man dies intestate, his property goes to his heirs in a direct line. If
he has but one heir or heiress, he or she succeeds to the whole. If
there are several heirs of the same degree, they divide the inheritance
equally among them, without distinction of sex.
This rule was prescribed for the first time in the state of New York by
a statute of the 23d of February, 1786. (See Revised Statutes, vol.
iii., Appendix, p. 48.) It has since then been adopted in the revised
statutes of the same state. At the present day this law holds good
throughout the whole of the United States, with the exception of the
state of Vermont, where the male heir inherits a double portion: Kent's
Commentaries, vol. iv., p. 370. Mr. Kent, in the same work, vol. iv., p.
1-22, gives an historical account of American legislation on the subject
of entail; by this we learn that previous to the revolution the colonies
followed the English law of entail. Estates tail were abolished in
Virginia in 1776, on a motion of Mr. Jefferson. They were suppressed in
New York in 1786; and have since been abolished in North Carolina,
Kentucky, Tennessee, Georgia, and Missouri. In Vermont, Indiana,
Illinois, South Carolina, and Louisiana, entail was never introduced.
Those States which thought proper to preserve the English law of entail,
modified it in such a way as to deprive it of its most aristocratic
tendencies. "Our general principles on the subject of government," says
Mr. Kent, "tend to favor the free circulation of property."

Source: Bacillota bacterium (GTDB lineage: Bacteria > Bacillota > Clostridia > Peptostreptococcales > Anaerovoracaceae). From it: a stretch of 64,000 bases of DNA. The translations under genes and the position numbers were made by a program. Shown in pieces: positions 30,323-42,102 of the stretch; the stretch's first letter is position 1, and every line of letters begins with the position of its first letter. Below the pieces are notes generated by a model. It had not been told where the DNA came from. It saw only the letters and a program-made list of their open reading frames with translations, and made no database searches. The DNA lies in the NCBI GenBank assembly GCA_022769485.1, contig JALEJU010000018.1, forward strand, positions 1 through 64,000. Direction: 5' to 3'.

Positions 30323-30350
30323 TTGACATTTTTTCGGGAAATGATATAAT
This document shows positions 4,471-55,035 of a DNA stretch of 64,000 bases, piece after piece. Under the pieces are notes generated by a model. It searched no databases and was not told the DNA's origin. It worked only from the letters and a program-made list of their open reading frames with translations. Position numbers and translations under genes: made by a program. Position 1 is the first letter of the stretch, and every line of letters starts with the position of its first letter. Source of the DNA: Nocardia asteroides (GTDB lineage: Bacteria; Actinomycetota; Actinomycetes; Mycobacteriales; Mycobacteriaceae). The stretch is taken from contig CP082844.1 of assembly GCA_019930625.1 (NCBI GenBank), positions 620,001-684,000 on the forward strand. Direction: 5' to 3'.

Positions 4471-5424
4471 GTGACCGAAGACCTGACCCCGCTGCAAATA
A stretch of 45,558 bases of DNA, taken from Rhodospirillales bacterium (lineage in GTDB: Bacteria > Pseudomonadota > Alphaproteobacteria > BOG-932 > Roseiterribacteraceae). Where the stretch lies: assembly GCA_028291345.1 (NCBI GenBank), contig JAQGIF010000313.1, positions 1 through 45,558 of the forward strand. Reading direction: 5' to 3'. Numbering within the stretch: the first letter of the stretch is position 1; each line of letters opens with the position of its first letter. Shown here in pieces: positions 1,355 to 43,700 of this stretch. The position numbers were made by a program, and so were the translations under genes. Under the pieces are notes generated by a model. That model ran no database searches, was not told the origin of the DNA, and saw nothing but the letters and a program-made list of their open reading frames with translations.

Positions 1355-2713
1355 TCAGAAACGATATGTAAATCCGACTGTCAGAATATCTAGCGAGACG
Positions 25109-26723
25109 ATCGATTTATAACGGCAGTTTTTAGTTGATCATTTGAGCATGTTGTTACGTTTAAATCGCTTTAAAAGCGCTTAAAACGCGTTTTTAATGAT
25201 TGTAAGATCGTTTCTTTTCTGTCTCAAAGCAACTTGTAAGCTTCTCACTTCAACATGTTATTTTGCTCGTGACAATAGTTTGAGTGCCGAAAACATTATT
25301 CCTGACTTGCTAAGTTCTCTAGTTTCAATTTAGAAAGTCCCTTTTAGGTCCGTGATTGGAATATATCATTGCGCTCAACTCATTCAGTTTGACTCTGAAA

It cannot fail to strike the French reader who studies the law of
inheritance, that on these questions the French legislation is
infinitely more democratic even than the American.
The American law makes an equal division of the father's property, but
only in the case of his will not being known; "for every man," says the
law, "in the state of New York (Revised Statutes, vol. iii., Appendix,
p. 51), has entire liberty, power, and authority, to dispose of his
property by will, to leave it entire, or divided in favor of any persons
he chooses as his heirs, provided he do not leave it to a political body
or any corporation." The French law obliges the testator to divide his
property equally, or nearly so, among his heirs.
Most of the American republics still admit of entails, under certain
restrictions; but the French law prohibits entail in all cases.
If the social condition of the Americans is more democratic than that of
the French, the laws of the latter are the most democratic of the two.
This may be explained more easily than at first appears to be the case.
In France, democracy is still occupied in the work of destruction; in
America it reigns quietly over the ruins it has made.
APPENDIX H.--Page 55.
SUMMARY OF THE QUALIFICATIONS OF VOTERS IN THE UNITED STATES.
All the states agree in granting the right of voting at the age of
twenty-one. In all of them it is necessary to have resided for a certain
time in the district where the vote is given. This period varies from